MONITOR
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Since the fall of the Berlin Wall nearly 30 years ago, techno has been woven into the cultural fabric of the German capital, with its scene renowned by clubbing enthusiasts the world over.

With the East and West sides of Berlin reuniting at the end of the ‘80s, an abundance of abandoned warehouses, power plants and basement bunkers created an ideal environment for electronic music. Techno utopias sprang into life, and combined with the newly euphoric energy around unification and a spirit of lawlessness, an enduring party ethos was formed. It’s an ethos that endures to this day, drawing tens of thousands to the city’s clubs every weekend and providing a cultural counterbalance to mainstream dance music.       

Whether you’re talking underground staples like ://about blank, or celebrated techno temples like Berghain and Tresor, the city’s clubbing scene has helped define Berlin’s status as the nightlife capital of Europe, as well as a celebrated centre of music, art, culture and creativity.

In this edition of Monitor we explore the music that helped shape this unique cultural sanctuary, as well as some of the new-school sounds that are paving the way for the future.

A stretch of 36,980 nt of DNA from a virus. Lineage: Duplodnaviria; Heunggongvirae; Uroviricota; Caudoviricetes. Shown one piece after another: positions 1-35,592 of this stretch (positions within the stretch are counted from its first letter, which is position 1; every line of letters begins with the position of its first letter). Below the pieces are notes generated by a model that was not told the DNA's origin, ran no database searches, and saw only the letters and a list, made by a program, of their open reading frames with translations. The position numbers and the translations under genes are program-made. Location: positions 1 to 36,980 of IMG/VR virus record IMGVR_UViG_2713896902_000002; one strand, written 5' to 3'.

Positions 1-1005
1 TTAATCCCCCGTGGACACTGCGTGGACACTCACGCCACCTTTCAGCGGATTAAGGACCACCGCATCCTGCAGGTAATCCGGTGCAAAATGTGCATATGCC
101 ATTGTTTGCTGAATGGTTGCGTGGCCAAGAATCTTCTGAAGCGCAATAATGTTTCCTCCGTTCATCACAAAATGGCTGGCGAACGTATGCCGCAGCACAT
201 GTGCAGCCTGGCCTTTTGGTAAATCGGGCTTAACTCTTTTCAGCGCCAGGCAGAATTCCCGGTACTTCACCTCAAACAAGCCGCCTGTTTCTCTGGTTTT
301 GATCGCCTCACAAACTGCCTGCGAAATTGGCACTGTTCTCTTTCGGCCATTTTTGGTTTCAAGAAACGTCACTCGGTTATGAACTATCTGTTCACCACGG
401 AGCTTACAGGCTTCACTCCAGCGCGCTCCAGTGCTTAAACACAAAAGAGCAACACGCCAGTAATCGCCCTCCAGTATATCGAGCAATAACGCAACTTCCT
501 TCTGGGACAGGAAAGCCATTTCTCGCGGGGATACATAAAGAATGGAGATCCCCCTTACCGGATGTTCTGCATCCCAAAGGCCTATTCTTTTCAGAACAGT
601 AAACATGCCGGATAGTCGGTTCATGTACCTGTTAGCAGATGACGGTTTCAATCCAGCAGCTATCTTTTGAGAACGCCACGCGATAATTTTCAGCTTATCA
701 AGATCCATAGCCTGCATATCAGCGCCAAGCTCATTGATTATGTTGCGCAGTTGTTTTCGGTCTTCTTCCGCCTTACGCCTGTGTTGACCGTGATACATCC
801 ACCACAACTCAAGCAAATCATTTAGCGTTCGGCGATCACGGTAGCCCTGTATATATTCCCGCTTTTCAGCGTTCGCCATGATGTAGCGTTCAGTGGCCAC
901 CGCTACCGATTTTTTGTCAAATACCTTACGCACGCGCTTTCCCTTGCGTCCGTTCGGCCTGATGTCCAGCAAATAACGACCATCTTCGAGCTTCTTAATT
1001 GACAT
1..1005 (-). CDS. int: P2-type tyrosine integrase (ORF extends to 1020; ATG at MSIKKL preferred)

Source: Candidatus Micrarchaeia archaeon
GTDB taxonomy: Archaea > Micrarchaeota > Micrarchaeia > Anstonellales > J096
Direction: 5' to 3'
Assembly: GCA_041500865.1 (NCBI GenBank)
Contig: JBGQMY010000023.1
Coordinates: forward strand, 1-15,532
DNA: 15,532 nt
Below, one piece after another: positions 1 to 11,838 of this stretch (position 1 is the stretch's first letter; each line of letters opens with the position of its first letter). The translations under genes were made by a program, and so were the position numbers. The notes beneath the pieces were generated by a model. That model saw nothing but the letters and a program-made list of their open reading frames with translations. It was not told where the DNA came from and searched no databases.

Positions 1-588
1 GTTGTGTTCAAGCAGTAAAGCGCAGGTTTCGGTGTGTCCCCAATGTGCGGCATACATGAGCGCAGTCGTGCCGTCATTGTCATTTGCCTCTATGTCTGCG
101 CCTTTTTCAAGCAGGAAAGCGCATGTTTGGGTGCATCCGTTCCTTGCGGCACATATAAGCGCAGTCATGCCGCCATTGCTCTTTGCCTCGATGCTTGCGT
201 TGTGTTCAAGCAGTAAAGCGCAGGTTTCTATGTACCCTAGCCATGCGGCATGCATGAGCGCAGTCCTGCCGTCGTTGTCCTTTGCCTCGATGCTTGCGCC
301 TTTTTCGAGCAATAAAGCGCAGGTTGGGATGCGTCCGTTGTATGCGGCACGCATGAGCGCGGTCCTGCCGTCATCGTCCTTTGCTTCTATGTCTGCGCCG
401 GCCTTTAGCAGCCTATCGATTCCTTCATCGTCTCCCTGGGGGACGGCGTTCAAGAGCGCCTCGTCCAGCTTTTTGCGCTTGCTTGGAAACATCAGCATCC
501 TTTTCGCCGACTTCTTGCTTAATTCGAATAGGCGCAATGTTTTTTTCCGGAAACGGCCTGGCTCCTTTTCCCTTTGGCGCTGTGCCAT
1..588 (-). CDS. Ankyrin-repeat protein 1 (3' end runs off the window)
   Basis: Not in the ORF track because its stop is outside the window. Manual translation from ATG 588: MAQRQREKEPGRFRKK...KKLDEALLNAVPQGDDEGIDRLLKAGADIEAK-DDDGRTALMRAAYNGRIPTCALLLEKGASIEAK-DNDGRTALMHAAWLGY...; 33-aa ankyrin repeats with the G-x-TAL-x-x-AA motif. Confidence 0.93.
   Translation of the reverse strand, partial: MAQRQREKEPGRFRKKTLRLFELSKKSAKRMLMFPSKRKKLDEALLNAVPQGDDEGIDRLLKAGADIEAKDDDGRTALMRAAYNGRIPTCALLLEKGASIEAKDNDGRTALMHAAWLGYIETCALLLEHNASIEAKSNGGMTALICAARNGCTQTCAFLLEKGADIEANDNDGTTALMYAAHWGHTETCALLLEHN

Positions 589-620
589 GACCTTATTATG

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Since the fall of the Berlin Wall nearly 30 years ago, techno has been woven into the cultural fabric of the German capital, with its scene renowned by clubbing enthusiasts the world over.

mobilegirl is a young producer and DJ whose music combines the aesthetics of post-internet fatigue, the glossiness of early-millennium pop music as well as global influences such as bass, grime, dancehall, reggaeton and beyond.

It’s a blend of sounds that while it should clash, instead it flourishes in its own contradictions. Though Berlin is mostly known for its huge techno scene, to mobilegirl, “It's mainly a place for all the weird shit that wouldn't find an audience in other [German] cities. But slowly being exposed to techno made me keen on it over time. I also met a lot of like-minded people with similar tastes here.” Alongside contemporaries such as PAN label boss Bill Kouligas, M.E.S.H. and Ziúr, to name a few, she’s considered part of a new generation of musicians pushing the city’s club sounds into more experimental and futuristic territory. After only three years of swishing through Berlin’s electronic music scene, she’s already appeared on multiple Boiler Room streams, toured internationally and picked up prestigious gigs in her adopted hometown with CTM Festival at Panorama Bar, Janus in Berghain and most recently, Tresor for Ableton’s LOOP festival.